The Role of Ground Beetles in Biological Control of Weeds

  • Author / Creator
    Kulkarni, Sharavari
  • Ground beetles (Coleoptera: Carabidae) are important components of temperate agroecosystems, and contribute many ecological services including weed seed predation. Although their role as arthropod predators is well known, their contributions to weed biological control through seed predation and management of weed seedbanks is not fully understood. The goal of this dissertation was to develop insights into aspects of carabid weed seed predation in canola agroecosystems of western Canada, and to investigate factors influencing weed seed predation in those agroecosystems. I investigated carabid weed seed preferences, role of olfactory cues involved in weed seed detection, effects of weed seed burial in seed predation, and field dynamics and the spatial distribution patterns of seed predatory carabids under field conditions. My studies to investigate adult carabid preferences for three brassicaceous weed species (Brassica napus L., considered weedy as volunteers; wild mustard, Sinapis arvensis L.; and field pennycress, Thlaspi arvense L.) in canola revealed that carabids exhibited specific, distinct preferences for weed seeds. Seed consumption among carabids was influenced by several factors, including weed species, the physiological state of seeds, and carabid activity–density. All carabid species preferred seeds of volunteer canola the most and those of field pennycress the least and showed intermediate preference for wild mustard seeds. Beetles highly preferred imbibed seeds of all three weed species. Activity–density of carabids and mean weed seed removal were highly correlated in field plots of canola, with activity–density accounting for 67% of the observed variation in seed removal. I further investigated behavioural responses of carabids to olfactory cues, and whether such responses translated into seed preferences. Results of olfactometer-based bioassays suggested that imbibed volunteer canola seeds were preferred over other weed species by two of the three carabid species tested. Only A. littoralis responded significantly to odours from unimbibed seeds of B. napus. Sensitivity to olfactory cues appeared to be highly specific as all carabid species discriminated between the olfactory cues of imbibed brassicaceous weed seeds, but did not discriminate between weed seeds that were unimbibed. Overall, data suggested that depending on seed physiological state, odours can play an important role in the ability of carabids to find and recognize seeds of particular weed species. Seed burial depth influenced seed consumption rates as demonstrated by a significant interaction between seed burial depth, carabid species, and gender of the carabid species tested. We observed higher seed consumption by females of all species, and greater consumption of seeds scattered on the soil surface compared with seeds buried at any depth. However, there was evidence of seed consumption at all depths and seed burial did not eliminate weed seed predation. My studies to investigate spatial relationship between carabid beetles, weeds, and weed seeds in canola (Brassica napus L) under field conditions using Spatial Analysis by Distance Indices (SADIE) revealed that carabids and weed populations were highly clustered. Moreover, there was significant spatial overlap between activity-density of carabids and patches of high weed density, with an association index, X, ranging between 0.40 and 0.71. Our results suggest that the presence of weedy patches of vegetation in cropped areas may contribute to biodiversity by conserving populations of carabids, which can also increase rates of weed seed predation.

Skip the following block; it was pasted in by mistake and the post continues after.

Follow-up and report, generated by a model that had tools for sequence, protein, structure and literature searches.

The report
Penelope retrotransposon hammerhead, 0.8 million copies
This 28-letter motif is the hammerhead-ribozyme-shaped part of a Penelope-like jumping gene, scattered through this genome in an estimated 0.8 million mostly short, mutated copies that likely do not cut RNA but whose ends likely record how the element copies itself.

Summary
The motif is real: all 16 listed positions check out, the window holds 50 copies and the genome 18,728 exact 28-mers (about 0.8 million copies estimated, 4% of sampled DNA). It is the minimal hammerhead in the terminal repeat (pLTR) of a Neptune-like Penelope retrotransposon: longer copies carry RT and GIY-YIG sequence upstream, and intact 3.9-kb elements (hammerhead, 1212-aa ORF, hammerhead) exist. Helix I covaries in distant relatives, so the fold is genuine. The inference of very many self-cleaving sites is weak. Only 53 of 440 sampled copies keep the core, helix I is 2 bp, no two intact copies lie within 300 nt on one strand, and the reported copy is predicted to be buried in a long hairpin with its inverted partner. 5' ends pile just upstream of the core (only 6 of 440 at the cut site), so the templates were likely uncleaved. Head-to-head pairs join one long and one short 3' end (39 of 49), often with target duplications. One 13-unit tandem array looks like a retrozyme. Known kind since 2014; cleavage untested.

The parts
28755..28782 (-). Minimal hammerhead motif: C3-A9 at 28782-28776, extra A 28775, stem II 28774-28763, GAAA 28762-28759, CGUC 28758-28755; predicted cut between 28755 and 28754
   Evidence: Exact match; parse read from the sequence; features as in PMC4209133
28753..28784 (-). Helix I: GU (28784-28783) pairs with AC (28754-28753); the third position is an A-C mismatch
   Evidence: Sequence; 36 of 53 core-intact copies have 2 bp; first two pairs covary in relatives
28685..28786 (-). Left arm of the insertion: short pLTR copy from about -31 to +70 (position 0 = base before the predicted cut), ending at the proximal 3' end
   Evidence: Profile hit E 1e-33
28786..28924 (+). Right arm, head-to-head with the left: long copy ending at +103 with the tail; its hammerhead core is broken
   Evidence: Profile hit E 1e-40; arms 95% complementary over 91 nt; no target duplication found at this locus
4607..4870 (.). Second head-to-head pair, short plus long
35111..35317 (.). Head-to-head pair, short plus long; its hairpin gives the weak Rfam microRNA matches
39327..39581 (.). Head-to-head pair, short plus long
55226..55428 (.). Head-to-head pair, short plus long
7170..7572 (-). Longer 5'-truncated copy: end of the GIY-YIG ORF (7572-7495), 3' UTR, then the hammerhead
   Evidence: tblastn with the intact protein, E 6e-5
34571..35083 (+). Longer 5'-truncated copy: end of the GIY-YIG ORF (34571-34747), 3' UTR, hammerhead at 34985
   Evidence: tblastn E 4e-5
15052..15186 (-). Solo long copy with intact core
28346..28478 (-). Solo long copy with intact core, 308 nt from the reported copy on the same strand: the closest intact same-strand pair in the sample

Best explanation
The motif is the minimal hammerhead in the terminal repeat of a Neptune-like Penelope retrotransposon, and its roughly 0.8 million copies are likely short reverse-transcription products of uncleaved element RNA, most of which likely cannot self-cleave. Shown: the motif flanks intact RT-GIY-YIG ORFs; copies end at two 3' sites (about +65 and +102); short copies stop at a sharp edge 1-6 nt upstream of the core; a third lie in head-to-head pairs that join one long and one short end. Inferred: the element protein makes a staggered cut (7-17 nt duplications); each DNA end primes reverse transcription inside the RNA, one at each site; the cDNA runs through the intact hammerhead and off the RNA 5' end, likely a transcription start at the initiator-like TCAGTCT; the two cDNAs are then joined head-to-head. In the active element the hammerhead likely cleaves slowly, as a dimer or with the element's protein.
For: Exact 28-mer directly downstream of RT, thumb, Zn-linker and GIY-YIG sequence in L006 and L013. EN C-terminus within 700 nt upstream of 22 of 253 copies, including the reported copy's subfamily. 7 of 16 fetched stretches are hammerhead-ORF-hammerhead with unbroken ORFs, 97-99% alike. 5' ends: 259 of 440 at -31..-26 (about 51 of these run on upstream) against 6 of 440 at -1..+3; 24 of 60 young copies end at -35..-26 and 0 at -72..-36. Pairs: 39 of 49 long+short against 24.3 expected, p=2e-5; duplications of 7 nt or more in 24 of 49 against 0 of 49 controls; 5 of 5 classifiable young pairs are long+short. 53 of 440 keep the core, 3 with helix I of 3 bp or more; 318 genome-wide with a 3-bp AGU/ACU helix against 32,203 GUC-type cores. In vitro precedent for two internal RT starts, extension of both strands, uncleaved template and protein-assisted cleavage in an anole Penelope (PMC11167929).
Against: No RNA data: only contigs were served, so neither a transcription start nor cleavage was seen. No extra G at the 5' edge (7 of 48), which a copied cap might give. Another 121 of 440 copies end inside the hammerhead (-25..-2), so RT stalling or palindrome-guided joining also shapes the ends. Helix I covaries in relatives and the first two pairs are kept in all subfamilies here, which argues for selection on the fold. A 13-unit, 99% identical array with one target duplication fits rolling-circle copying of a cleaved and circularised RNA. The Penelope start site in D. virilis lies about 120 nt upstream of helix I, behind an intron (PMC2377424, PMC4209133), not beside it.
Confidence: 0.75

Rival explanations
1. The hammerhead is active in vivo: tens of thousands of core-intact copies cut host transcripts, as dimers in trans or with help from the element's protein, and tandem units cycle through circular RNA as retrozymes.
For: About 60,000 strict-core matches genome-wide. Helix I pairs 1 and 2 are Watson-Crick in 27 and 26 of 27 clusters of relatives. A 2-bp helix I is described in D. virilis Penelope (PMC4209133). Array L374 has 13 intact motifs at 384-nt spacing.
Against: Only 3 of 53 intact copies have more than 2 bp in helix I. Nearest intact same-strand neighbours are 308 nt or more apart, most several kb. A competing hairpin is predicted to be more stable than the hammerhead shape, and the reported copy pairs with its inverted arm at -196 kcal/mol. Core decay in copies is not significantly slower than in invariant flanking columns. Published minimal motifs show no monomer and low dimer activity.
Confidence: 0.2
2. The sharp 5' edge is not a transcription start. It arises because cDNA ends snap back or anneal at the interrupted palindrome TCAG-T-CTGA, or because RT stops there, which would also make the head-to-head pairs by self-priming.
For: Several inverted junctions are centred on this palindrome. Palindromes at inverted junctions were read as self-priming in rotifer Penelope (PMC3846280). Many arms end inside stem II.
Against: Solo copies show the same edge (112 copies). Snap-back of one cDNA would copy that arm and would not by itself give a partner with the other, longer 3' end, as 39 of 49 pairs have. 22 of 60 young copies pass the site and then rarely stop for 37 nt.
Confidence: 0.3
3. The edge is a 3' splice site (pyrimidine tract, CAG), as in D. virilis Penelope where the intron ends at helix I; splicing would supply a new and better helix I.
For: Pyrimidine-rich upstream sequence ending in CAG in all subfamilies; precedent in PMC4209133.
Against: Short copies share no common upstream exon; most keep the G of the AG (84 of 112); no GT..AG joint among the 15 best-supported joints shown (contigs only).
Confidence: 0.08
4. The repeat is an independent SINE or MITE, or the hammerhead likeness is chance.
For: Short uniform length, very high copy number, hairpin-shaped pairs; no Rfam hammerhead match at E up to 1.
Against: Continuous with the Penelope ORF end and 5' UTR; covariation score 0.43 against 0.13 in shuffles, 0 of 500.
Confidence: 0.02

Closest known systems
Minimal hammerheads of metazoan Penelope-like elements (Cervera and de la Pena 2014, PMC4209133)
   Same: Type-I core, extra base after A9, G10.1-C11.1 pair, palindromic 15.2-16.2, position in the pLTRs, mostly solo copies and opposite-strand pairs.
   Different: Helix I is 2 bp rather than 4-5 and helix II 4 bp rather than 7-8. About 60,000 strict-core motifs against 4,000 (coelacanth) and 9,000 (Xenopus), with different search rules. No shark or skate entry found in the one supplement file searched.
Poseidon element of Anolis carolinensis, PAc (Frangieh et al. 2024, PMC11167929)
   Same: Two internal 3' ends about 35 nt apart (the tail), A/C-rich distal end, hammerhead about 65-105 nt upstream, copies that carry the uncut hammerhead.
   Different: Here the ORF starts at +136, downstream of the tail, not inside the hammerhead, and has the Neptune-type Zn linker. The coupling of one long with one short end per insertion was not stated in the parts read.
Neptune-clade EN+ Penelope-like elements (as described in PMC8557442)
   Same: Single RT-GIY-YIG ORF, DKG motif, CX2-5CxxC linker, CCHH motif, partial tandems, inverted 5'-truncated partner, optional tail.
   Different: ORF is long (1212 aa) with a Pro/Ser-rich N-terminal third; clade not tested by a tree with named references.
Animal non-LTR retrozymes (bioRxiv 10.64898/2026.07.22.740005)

• Subjects / Keywords
  • Graduation date
    Fall 2017
  • Type of Item
  • Degree
    Doctor of Philosophy
  • DOI
  • License
    This thesis is made available by the University of Alberta Libraries with permission of the copyright owner solely for non-commercial purposes. This thesis, or any portion thereof, may not otherwise be copied or reproduced without the written consent of the copyright owner, except to the extent permitted by Canadian copyright law.